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Design: Common Accounts.
Commissioned by: Canadian Center for Architecture (CCA).
Fabrication: Canadian Center for Architecture (CCA).

Photo by CCA, 2021.

"Closer Each Day: Protocols for Processing" is a speculative work of architectural parafiction that elaborates a network of ceremonial and technological protocols to instrumentalize death as a pragmatic tool for city-building.

Decades of technological progress have distanced the material business of death from everyday life. Sanitization, disease-control, and the impulse for hygiene have kept it neat and tidy, and out of site. As a result, the contemporary city, across continents and cultures, has obviated many of the urban typologies that once played host to the social activities surrounding death.

Still, death is visible in home decor, in fitness programs, and in virtual space, yet architecture has failed to acknowledge the potential posed by the latent social situations and infrastructural networks around death, and failed to recognize these entities as a site for action. Further, cities can no longer afford to keep the material business of death at arm's length. New technologies present unique opportunities for the production of value—material, ceremonial, social, and ecological—that ought not be ignored, while traditional means of human disposition are threatened by diminishing land availability, environmental concerns, and the prospect of a digital afterlife.

One might in fact argue that today, the urban ecosystem has made sites in which death is present more ubiquitous yet less evident, and this atomization presents opportunities for death’s re-integration into everyday life. From new technologies, new traditions.

Closer Each Day speculates on the possibilities advanced by a number of these sites and technologies. The Protocol Drawing (the central representation in the project) describes new prototypes for housing anchored around the virtual afterlife and self-design; memorial gardens fertilized by anatomy-centered chemistry; ‘transfer cases’ that produce micro-ecologies and energetic outputs from human remains; and repositories for the leftover, personal effects of the urban dead. It describes several means by which protocol, informed by the US Military’s Department of Mortuary Affairs, can integrate the ceremonial with the infrastructural. In particular the process of alkaline hydrolysis takes priority in the project as a remains disposition method that liquifies the human body into a fertile solution capable of fostering the growth of memorial gardens and other plant life; the transfer of heat from its fluid effluence to other purposes; and even, as some have proposed, the biotic maintenance of some municipal infrastructure.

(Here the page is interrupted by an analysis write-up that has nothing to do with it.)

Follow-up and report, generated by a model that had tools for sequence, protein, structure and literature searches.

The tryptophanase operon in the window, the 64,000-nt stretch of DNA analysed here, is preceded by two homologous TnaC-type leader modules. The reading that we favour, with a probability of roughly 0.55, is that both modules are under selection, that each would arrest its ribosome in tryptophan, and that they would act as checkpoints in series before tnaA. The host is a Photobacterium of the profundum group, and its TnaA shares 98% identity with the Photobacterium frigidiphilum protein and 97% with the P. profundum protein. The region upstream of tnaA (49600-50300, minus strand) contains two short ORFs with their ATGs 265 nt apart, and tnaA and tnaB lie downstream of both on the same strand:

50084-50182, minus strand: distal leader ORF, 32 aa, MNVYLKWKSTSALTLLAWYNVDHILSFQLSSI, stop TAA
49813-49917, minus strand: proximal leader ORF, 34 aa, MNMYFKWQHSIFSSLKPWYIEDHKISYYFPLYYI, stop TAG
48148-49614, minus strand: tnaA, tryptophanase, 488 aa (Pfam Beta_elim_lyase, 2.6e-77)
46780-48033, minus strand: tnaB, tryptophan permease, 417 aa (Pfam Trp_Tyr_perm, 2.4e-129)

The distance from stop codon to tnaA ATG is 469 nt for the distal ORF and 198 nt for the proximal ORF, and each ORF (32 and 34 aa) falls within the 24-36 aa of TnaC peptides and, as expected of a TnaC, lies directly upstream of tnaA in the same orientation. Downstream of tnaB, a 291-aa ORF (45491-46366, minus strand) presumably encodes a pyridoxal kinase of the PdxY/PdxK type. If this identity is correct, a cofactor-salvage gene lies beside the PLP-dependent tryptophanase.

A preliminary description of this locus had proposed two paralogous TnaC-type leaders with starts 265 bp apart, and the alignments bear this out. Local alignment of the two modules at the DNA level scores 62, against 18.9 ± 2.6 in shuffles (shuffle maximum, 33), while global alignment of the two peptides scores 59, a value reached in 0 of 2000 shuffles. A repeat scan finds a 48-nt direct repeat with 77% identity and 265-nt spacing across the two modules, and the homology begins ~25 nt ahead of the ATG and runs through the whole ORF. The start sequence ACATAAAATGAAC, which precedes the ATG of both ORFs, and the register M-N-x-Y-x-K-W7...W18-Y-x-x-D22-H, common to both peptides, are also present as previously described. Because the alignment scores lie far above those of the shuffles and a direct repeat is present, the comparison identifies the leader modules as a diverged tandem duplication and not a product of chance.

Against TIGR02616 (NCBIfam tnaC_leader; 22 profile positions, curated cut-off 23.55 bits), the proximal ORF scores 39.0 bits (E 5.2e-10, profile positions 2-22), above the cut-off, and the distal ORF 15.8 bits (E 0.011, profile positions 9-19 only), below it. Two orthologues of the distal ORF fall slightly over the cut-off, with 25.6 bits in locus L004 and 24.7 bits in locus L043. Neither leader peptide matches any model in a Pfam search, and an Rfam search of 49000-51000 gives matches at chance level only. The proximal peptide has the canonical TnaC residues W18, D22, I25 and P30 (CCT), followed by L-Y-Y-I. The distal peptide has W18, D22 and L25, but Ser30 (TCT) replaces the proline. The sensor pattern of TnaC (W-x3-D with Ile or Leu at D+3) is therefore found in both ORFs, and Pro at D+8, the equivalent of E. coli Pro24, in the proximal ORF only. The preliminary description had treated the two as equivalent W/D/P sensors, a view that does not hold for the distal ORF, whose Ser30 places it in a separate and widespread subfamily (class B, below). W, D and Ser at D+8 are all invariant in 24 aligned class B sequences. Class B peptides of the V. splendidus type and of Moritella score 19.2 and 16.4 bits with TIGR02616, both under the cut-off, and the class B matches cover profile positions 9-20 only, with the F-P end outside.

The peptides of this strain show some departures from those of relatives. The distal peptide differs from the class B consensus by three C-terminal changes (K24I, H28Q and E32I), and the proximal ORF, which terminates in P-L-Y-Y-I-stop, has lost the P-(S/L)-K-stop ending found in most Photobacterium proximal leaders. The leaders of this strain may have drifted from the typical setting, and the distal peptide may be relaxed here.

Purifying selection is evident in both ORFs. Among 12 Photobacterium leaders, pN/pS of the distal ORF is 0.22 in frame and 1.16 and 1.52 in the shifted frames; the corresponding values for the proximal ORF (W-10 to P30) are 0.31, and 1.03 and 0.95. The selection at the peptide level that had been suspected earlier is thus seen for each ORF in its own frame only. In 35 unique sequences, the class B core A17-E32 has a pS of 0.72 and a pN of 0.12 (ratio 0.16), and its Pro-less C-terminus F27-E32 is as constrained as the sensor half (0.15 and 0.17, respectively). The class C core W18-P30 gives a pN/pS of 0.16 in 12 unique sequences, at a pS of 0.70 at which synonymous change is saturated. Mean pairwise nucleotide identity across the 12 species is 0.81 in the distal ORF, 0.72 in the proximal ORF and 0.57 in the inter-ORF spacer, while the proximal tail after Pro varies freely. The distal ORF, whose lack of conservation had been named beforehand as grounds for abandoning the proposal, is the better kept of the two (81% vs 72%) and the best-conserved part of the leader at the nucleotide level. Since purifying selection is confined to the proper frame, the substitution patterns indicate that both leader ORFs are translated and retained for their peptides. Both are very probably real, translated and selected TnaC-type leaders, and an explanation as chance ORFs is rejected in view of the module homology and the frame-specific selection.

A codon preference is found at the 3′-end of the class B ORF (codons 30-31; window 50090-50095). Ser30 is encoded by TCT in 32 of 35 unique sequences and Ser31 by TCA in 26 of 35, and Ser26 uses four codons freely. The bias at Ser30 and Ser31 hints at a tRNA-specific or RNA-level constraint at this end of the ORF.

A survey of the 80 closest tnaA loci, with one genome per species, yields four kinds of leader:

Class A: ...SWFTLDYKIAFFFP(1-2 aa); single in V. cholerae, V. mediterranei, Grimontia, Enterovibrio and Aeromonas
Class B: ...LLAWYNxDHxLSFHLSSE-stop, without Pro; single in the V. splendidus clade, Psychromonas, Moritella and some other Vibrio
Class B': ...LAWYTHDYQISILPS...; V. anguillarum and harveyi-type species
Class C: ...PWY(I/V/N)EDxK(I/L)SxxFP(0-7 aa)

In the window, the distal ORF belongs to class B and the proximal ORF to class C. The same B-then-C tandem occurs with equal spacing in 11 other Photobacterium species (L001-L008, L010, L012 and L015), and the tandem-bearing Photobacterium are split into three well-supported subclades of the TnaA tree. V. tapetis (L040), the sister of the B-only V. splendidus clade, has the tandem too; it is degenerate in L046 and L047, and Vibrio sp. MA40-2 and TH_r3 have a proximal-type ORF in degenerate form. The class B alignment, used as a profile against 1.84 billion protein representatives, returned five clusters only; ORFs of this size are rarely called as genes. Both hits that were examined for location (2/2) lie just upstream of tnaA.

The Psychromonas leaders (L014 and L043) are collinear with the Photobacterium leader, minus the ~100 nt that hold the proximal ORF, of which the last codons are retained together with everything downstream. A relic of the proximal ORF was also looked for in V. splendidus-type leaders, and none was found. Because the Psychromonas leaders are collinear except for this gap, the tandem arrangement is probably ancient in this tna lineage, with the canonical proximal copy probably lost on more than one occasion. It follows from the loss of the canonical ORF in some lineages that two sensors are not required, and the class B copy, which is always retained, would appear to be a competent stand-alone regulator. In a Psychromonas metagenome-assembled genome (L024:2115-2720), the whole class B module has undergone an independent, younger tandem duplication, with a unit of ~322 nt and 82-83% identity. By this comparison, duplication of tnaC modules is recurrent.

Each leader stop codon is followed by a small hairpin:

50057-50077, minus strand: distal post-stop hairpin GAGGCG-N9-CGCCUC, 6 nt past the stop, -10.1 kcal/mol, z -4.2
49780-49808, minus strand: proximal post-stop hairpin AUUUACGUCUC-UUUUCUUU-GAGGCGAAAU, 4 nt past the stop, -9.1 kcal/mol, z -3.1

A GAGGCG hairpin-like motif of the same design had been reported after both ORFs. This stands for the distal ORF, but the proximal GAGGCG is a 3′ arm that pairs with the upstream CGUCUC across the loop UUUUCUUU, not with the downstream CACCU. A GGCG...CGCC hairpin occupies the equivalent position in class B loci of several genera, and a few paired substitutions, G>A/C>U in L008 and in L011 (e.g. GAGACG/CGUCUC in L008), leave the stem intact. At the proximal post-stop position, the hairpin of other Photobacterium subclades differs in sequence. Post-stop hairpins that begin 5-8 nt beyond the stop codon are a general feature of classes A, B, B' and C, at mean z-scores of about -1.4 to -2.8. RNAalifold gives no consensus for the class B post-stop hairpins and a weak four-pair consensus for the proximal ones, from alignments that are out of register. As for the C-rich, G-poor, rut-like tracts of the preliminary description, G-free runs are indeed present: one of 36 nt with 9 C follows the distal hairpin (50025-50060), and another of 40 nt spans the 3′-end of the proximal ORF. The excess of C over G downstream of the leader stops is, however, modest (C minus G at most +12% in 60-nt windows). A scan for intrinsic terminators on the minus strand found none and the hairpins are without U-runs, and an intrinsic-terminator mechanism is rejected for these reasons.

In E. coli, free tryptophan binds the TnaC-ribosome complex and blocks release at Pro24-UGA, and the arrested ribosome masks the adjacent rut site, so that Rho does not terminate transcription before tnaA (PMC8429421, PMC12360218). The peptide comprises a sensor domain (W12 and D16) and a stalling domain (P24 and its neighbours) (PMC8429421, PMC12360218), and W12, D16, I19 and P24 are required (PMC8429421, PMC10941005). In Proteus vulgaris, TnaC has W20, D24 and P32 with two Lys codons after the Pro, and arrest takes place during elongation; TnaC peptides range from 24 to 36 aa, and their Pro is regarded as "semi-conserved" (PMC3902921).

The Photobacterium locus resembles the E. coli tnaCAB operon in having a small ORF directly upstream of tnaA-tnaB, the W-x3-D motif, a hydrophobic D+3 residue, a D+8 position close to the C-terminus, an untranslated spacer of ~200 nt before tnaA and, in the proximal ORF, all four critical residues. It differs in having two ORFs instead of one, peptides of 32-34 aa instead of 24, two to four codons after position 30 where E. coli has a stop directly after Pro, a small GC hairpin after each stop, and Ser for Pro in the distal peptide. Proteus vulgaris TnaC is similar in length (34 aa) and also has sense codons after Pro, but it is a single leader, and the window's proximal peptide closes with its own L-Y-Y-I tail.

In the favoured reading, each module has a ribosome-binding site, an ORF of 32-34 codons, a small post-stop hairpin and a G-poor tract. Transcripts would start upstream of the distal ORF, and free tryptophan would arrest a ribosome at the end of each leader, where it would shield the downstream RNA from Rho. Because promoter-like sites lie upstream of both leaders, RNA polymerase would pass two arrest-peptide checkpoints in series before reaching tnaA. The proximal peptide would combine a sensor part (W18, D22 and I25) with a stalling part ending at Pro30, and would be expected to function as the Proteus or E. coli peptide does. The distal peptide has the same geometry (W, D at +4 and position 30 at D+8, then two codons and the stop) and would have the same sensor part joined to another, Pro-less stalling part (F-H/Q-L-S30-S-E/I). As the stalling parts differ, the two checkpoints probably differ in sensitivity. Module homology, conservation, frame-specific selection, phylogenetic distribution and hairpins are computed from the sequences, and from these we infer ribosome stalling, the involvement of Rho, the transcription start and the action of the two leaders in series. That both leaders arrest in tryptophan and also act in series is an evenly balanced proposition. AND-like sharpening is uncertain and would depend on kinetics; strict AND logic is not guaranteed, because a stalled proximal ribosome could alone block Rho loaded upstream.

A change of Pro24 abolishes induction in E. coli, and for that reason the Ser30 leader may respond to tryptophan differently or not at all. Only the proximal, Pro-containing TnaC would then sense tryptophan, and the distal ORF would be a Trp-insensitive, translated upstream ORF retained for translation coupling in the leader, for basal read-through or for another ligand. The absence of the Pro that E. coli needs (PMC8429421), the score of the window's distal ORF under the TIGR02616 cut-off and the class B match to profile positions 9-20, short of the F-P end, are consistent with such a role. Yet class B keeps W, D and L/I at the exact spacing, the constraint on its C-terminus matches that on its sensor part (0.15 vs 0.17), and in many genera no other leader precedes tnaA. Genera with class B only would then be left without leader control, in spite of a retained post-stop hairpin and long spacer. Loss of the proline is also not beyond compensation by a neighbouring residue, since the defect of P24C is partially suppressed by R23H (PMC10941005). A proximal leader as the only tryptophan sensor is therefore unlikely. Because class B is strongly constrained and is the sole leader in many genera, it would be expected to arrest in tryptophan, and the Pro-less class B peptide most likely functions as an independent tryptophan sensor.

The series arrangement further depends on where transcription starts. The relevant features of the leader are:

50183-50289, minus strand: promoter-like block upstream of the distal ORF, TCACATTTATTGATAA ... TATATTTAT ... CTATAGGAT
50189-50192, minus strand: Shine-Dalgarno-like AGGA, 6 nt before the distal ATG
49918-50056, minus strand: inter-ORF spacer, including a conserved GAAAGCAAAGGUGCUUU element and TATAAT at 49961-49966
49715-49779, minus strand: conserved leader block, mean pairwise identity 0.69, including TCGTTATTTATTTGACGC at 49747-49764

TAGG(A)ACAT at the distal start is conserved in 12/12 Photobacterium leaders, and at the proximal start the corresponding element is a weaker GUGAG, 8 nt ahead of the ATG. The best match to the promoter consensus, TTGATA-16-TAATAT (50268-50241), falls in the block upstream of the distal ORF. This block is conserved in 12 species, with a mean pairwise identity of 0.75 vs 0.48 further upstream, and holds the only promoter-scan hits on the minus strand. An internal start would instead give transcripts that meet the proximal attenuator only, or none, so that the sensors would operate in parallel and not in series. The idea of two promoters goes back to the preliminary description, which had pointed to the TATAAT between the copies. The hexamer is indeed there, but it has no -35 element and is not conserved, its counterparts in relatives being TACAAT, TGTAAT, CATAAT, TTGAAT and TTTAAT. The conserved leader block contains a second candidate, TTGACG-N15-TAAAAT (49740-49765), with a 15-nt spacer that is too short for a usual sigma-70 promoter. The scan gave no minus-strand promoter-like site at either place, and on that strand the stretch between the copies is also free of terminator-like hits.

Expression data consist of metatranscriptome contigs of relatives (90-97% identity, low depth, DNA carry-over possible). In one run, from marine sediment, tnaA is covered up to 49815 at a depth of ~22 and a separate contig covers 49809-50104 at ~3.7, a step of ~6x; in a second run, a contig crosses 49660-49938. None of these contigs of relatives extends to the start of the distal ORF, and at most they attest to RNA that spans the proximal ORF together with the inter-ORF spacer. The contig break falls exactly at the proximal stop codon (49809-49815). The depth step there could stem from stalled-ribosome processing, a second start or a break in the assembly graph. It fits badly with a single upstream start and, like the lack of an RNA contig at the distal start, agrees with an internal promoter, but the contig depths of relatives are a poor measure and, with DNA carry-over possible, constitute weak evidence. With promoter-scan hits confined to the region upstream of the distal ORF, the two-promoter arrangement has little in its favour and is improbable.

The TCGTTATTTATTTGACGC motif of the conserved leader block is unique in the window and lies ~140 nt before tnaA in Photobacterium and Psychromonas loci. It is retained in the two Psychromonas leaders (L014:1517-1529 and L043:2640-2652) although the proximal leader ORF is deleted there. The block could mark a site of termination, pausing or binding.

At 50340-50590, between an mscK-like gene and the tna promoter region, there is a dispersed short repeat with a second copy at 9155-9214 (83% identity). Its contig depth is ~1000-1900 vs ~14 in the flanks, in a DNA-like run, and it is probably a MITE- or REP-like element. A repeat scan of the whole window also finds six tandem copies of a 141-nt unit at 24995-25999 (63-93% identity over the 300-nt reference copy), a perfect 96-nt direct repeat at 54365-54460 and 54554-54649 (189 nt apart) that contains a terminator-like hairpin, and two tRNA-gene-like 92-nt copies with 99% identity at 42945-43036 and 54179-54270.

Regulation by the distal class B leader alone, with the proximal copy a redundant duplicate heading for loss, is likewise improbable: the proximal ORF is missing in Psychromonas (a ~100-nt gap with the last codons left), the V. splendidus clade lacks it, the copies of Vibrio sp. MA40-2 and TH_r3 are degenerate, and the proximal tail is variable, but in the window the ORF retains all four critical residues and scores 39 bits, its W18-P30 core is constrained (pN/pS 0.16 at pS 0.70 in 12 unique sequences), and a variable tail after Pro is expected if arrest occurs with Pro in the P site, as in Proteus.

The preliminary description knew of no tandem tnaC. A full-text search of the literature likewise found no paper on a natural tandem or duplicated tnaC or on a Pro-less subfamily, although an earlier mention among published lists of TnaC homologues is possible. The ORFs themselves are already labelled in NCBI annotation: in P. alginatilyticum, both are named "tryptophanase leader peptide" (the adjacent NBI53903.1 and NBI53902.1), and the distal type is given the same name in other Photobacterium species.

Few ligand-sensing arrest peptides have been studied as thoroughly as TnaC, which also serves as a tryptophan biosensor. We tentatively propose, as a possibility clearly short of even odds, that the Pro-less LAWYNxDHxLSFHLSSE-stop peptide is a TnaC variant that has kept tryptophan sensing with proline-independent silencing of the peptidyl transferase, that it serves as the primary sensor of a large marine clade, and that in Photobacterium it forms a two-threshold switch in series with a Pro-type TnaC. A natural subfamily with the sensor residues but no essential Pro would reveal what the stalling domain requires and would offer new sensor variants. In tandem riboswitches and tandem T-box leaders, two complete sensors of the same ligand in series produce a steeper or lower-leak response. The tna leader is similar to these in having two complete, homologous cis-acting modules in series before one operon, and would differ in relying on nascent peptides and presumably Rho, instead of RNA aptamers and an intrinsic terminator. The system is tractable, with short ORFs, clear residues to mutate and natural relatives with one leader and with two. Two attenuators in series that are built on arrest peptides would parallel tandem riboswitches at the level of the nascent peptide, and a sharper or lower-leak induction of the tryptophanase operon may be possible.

Beyond the identification of value, this project proposes opportunities for public engagement beyond biological expiration, and a symbolic nearness to death that yields from it a productive civic proximity.

In order to contextualize this work discursively, it is important to acknowledge that the last half-century of architectural discourse has contributed to the distancing of death from the urban, elaborating the metaphysical poetics of death as an island, apart from the everyday. Cemeteries and mausoleums proliferated amidst the stance that late modern and postmodern architecture took to its own history from the mid 1960s. Architects like Aldo Rossi, Enric Miralles, or John Hejduk, to name a few, explored the design of death with special attention to ritual, poetics, and aesthetics (perhaps also analogizing the corpse of high modernism), de-prioritizing its material and technological realities in favour of the metaphysical.

This drawing cites its discursive antecedents by adopting the colour scheme and long, hard-edged shadows of Aldo Rossi’s San Cataldo Cemetery images. Further, it acknowledges the augmented visibility that death might have in the urban realm by referencing the meandering, back-and-forth, organization of a drawing of the Duke of Wellington’s elaborate funeral procession as featured in the Illustrated London News from November 20th, 1852, led by the carriage designed by Gottfried Semper. The frame for the drawing includes a Jasmine scent diffuser called "Cozy Linen." Unguentaria (commonly found teardrop vessels in hellenic graves as part of funeral rituals) contained Jasmine amongst one of the most common scents, which airscent.com lists as one of the most appropriate ambient smells for funeral homes if mixed with Metazene TM to neutralize the odor of embalming chemicals.

Closer Each Day was the joint graduate thesis produced by Igor Bragado and Miles Gertler (Common Accounts) at Princeton University School of Architecture in 2016.

Processing Protocol, Common Accounts 2016-2021.

Processing Protocol, Common Accounts 2016-2021.

Processing Protocol, Common Accounts 2016-2021.

Processing Protocol, Common Accounts 2016-2021.

Photo by CCA, 2021.

Processing Protocol, Frame Specs, Common Accounts 2021.

© Common Accounts / 2022 / hi@commonaccounts.online